I've had to make a few more changes to our routine. For whatever reason, the schedule that worked so well last year just wasn't working this year. One of the things that I am learning about homeschooling is that each year looks so different from the last. I find this both frustrating, and invigorating. On the frustrating side, just when I think I have something that works great and I plan to use it forever (like a math program, a methodology, or a schedule) something changes and I end up changing the whole thing. This should be obvious to me since each of my children are so different. They all have different talents, learning styles, favorite subjects, etc.
On the other side, it's also invigorating each year to have to change things a bit. This keeps things from getting stale and I think, for my personality, keeps me from getting burned out (I am one who loves change!).
The adjustments I made involve our morning routine. Earlier in the year, I read
Jennifer's blog post about workbaskets. Like Jennifer's other ideas, I thought this one was great. But, I couldn't imagine my boys sitting very long since I was already struggling to keep them still for morning prayer. I also thought I'd just stick with my original plan of morning prayer followed by workboxes in the school room. So, like many great ideas that I read I decided to put that idea on hold until maybe next year.
Six weeks into our school year I found myself talking to my consultant from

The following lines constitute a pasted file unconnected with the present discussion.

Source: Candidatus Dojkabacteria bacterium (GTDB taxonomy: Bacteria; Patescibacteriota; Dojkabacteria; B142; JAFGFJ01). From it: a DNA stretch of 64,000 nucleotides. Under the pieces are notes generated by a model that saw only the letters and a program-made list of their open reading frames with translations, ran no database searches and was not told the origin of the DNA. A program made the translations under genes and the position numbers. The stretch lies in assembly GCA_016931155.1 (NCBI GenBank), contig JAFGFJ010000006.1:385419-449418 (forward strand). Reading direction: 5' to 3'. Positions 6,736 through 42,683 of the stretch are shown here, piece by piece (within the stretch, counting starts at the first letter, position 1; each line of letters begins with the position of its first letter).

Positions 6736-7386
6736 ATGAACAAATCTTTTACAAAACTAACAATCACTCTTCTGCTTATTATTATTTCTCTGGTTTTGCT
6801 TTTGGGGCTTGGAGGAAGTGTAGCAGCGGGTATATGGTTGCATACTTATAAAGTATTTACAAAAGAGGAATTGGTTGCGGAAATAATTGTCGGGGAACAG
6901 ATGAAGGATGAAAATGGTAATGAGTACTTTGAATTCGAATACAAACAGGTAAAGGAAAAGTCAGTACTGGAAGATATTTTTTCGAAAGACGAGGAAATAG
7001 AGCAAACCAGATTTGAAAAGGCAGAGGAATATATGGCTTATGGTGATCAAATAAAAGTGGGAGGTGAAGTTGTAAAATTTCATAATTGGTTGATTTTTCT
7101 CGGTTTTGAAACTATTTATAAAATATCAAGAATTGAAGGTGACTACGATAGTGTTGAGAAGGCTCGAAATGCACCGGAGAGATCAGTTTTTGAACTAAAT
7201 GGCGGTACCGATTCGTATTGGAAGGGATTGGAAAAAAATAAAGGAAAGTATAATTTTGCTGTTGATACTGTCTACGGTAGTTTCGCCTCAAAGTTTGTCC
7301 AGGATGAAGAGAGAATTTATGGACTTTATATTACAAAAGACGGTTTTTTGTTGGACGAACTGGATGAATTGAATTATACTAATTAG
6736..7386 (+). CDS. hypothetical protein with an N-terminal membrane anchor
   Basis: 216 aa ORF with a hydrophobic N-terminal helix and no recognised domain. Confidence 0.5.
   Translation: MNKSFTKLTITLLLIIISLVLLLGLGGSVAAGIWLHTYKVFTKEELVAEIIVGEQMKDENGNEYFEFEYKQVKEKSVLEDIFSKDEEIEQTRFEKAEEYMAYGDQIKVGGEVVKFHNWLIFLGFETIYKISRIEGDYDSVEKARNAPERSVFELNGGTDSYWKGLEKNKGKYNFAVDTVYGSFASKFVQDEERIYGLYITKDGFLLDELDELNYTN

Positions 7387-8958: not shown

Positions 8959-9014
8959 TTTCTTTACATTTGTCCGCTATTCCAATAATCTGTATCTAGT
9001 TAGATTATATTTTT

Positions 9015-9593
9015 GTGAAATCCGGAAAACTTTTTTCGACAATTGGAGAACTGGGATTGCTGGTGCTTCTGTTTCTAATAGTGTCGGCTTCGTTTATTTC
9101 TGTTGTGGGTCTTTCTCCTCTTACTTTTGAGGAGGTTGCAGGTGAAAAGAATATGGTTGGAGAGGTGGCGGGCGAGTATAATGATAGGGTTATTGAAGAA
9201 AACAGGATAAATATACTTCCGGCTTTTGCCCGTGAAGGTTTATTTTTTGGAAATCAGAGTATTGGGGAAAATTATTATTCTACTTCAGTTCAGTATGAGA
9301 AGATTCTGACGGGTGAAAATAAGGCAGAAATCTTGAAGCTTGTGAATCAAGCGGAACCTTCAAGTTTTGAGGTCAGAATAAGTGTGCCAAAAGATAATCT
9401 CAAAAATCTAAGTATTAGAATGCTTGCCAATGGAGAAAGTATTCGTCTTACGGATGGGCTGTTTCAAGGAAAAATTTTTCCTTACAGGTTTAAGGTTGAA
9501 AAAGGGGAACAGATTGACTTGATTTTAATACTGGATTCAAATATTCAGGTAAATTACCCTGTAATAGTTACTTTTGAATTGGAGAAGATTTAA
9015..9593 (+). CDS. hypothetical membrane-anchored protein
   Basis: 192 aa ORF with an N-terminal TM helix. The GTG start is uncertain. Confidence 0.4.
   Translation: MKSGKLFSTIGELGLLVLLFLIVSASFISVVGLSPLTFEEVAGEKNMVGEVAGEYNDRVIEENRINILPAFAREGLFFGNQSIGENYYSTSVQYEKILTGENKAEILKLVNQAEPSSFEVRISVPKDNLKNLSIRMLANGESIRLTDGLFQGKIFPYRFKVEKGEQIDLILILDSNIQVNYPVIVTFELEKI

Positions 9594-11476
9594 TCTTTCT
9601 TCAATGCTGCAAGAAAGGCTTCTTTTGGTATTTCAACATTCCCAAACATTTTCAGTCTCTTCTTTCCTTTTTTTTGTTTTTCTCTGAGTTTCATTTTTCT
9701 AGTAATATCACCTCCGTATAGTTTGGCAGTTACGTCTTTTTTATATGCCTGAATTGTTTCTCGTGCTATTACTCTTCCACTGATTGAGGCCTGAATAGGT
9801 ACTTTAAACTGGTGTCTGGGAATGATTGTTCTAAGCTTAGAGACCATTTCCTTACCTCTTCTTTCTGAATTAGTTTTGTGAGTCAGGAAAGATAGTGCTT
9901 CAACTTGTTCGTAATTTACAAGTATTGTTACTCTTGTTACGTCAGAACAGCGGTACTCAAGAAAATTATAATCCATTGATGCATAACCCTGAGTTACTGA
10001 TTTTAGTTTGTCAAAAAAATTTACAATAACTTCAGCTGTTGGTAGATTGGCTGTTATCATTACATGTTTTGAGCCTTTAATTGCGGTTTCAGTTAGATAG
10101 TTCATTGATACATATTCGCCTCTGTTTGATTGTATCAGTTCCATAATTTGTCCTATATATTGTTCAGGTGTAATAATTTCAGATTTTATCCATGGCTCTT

Mother of Divine Grace in frustration. Things just didn't seem to be working out and I didn't feel like we were far enough along in a few subjects. As usual, she was very reassuring and helped me to see what we were doing right, and encouraged me to try some things to help us get on track.
At about that time I had decided that the kids and I would do well to start the day with a rosary. I knew this would be difficult for my younger boys, so I allowed them to color pictures, dealing with our faith, during this time. It worked like a charm! First, I had a picture of a rosary for them to color, and for each Hail Mary, they filled in a bead. Even Social Butterfly, who is perfectly capable of saying a rosary without coloring, enjoyed doing it this way. I also noted that despite the fact that my children were not being totally still they seemed very prayerful. As a matter of fact, they seemed more prayerful than they have ever been. For Jetter, I think that is because he is a child that can actually concentrate better when he is moving. He recites poetry better if he can spin on a stool or jump on the mini tramp. He listens to read alouds better if he can build with Legos at the same time. Why do I expect him to be attentive in prayer when I make him sit still? Builder is a different child than Jetter, of course, but he is still a little boy and sitting still for an entire rosary just wasn't going to happen. The coloring pages seem to work wonders.